• Garmin InReach:
    • Start 4:49 PM
    • Trip Time 1:24:30
    • Distance Traveled 2.02 miles
    • Average Speed 1.43 mph
    • Max. Speed 2.95 mph
    • Max. Elevation 826 ft
  • Camp Site: Mosquito River  (food storage, water, no  fire ring)

 

 

– Kelly

blog: Ramble Afoot
vlog: YouTube Channel
fb: Facebook
ig: Instagram
tw: Twitter
Appalachian Trail Conservancy Member #22027626
Pacific Crest Trail Association Member #98397
North Country Trail Association Member since 11-28-2018

[VIDEO] Pictured Rocks National Lakeshore Days 3 & 4

 

 

My journey continues with my second hike of the year …

May 27-28, 2019, Days 3 and 4 on the North Country Trail in the Pictured Rocks National Lakeshore

After ‘postholing’ at the end of Day 2, I decide to Zero on Day 3 and stay in Munising, MI, then I drive to the Little Beaver Lake Trail Head on Day 4 to continue my adventure. I hike in 1.5 miles to the North Country Trail junction, discover that it stays really cold in some parts of the forest, have the entire beach and Lake Superior all to myself, and then hike to the Pine Bluff Back Country Camp Site. I setup camp for the evening, go exploring, share the campfire with my camp mates – Katie and Andrew, and take my first attempt at capturing the Milky Way!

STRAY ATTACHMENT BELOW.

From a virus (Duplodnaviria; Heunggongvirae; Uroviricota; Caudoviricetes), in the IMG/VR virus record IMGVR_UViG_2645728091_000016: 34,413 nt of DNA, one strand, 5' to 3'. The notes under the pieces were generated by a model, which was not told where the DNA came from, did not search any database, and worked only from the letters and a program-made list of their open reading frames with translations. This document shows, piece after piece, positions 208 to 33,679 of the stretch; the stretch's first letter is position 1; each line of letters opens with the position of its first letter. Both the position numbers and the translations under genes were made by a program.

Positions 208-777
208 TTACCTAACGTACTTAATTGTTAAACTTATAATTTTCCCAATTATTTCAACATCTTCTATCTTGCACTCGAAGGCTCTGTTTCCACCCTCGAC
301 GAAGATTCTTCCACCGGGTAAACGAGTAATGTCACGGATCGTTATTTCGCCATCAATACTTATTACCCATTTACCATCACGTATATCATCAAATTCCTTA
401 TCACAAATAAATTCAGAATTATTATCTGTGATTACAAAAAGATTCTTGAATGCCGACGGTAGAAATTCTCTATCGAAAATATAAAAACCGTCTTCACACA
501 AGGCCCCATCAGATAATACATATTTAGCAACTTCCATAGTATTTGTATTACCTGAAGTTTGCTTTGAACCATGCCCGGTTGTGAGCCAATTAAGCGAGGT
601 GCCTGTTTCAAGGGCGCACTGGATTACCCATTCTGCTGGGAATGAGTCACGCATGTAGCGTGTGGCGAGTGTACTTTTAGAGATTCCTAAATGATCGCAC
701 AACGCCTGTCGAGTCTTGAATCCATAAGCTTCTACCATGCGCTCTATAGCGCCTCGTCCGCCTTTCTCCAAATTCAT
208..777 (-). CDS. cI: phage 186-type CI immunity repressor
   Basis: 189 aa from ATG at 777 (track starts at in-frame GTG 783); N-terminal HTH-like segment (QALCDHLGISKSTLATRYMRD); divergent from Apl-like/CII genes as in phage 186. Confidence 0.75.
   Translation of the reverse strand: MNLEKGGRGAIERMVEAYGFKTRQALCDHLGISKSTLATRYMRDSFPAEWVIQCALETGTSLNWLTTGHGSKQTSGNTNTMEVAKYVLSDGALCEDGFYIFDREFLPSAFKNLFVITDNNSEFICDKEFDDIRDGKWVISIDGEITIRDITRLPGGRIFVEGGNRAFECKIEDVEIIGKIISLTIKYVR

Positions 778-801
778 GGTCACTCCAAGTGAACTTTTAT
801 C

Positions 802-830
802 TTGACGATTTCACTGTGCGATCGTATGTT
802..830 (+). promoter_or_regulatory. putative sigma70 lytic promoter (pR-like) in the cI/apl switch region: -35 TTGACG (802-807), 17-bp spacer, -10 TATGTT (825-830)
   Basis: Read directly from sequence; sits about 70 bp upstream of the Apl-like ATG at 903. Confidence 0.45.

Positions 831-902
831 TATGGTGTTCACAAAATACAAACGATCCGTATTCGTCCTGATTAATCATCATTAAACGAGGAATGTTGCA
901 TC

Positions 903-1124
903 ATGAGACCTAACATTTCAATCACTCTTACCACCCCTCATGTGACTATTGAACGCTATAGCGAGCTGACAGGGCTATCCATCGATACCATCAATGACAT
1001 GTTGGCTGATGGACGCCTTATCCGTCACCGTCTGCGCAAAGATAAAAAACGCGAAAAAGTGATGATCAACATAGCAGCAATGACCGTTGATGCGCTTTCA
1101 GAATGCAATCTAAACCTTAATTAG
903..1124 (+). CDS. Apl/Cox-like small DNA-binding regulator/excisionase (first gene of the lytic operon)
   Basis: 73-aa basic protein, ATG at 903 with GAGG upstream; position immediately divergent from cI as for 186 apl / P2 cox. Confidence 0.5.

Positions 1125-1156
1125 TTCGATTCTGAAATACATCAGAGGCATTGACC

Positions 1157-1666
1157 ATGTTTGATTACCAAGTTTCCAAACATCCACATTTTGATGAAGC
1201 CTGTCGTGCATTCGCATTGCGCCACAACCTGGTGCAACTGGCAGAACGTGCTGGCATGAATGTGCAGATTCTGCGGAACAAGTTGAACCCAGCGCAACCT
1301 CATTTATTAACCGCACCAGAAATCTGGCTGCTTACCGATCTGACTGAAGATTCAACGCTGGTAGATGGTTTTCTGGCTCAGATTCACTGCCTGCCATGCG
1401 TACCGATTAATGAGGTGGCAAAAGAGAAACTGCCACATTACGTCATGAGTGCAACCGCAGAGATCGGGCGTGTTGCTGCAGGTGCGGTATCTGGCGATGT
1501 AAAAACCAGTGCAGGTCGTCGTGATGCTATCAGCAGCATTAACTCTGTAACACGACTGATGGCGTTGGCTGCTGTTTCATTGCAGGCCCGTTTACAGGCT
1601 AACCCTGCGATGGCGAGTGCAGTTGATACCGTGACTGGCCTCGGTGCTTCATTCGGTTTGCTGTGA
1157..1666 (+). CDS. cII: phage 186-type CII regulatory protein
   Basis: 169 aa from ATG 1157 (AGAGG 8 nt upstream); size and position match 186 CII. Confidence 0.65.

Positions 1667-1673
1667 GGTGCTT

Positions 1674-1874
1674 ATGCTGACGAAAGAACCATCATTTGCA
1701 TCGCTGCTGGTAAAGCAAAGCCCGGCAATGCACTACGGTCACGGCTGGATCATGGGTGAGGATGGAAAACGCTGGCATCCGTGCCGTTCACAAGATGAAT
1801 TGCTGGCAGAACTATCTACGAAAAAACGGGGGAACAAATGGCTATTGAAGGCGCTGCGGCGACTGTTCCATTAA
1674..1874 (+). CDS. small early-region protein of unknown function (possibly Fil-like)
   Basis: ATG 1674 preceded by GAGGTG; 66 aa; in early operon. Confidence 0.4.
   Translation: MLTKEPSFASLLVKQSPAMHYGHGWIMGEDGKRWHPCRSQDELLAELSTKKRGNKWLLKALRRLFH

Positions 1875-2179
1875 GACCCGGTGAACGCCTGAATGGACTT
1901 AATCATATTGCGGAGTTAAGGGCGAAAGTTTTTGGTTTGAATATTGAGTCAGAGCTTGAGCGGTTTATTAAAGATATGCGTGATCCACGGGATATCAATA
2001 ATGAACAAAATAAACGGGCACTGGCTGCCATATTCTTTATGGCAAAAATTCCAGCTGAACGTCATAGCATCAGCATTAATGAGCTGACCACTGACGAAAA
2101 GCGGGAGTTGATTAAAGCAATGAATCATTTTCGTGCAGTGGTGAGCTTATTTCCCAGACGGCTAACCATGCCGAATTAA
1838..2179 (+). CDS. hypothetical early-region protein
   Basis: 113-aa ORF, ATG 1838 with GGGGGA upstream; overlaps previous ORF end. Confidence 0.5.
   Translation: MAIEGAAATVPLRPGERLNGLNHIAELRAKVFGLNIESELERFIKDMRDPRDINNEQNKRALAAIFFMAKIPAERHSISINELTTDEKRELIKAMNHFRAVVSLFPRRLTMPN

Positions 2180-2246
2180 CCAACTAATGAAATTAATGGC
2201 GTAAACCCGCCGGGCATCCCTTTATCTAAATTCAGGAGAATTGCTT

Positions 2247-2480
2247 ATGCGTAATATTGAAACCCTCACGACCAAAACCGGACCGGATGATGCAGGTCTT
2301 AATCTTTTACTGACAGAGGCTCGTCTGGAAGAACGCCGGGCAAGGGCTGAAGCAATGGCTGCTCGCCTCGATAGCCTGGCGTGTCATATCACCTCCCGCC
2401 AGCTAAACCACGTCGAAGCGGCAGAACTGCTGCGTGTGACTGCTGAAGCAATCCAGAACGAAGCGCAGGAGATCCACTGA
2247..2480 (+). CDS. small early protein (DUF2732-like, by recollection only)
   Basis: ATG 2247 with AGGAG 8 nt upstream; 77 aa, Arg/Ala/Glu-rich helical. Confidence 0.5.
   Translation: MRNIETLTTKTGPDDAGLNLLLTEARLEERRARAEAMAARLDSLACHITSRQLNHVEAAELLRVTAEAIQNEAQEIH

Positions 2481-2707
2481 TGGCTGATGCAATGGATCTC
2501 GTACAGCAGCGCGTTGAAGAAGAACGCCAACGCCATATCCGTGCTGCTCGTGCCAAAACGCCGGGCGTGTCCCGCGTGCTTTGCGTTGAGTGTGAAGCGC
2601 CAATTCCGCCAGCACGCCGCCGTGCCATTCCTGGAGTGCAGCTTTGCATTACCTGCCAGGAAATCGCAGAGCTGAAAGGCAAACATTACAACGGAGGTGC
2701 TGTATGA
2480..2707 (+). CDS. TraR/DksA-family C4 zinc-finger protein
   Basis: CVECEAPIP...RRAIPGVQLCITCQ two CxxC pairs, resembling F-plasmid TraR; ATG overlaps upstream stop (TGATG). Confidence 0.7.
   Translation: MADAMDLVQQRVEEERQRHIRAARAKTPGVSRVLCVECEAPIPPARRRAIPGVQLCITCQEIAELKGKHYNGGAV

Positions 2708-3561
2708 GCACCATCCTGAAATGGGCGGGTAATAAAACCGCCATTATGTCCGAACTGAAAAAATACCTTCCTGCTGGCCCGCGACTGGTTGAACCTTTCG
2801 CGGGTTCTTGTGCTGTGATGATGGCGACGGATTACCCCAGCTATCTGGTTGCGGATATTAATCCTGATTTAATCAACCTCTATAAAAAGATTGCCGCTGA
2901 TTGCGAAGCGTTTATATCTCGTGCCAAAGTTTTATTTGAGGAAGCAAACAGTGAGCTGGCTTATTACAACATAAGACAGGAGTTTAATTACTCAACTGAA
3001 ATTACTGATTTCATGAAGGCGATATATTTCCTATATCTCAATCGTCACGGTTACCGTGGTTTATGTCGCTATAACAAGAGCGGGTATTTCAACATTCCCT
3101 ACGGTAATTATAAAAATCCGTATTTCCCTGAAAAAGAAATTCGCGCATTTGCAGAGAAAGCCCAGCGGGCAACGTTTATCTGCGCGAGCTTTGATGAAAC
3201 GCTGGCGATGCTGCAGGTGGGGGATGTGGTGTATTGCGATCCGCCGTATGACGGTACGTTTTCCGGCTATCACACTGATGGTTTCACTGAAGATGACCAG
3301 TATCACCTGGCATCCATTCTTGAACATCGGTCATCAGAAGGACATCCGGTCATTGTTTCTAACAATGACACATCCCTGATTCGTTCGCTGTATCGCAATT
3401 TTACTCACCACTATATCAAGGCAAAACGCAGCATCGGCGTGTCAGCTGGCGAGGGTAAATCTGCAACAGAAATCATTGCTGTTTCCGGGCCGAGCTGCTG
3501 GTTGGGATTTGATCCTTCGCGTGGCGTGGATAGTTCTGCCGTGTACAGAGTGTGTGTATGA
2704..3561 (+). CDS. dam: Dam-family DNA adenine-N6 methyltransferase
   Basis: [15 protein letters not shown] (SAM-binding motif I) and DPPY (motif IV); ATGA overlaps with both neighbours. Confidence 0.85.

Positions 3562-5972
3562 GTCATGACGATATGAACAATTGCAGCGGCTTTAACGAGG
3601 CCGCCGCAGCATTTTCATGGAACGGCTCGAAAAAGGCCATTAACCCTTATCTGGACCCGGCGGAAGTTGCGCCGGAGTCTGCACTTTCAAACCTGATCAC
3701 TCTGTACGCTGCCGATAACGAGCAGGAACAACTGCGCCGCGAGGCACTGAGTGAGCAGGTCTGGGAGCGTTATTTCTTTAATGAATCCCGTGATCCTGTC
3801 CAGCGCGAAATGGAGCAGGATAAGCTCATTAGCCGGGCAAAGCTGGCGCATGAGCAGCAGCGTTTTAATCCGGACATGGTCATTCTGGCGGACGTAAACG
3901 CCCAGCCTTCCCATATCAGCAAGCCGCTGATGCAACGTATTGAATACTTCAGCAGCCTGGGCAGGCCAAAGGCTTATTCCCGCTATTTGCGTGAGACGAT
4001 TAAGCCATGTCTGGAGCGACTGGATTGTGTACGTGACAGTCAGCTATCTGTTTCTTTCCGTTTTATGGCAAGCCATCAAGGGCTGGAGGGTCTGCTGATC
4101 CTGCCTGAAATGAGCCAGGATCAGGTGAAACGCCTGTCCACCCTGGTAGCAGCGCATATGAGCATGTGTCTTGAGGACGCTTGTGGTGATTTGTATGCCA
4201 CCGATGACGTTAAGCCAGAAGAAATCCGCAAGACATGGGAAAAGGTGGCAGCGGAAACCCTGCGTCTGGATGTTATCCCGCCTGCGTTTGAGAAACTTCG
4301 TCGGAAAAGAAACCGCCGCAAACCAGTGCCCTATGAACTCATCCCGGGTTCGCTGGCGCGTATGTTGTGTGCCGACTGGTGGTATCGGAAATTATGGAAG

Locations:
The ROAM Inn https://roam-inn.com/
EH! Burger https://www.facebook.com/ehburger906/

Music:
“Concentration”
Kevin MacLeod (incompetech.com)
By Attribution 3.0 License
http://creativecommons.org/licenses/by/3.0/

 

 

– Kelly

blog: Ramble Afoot
vlog: YouTube Channel
fb: Facebook
ig: Instagram
tw: Twitter
Appalachian Trail Conservancy Member #22027626
Pacific Crest Trail Association Member #98397
North Country Trail Association Member since 11-28-2018

Pictured Rocks National Lakeshore – Day 4

May 28, 2019

My journey continues with my second hike of the year. I am hiking on the North Country Trail in the Pictured Rocks National Lakeshore, along Lake Superior in Michigan’s Upper Peninsula.

e9b6c70fd60ae7b0-photo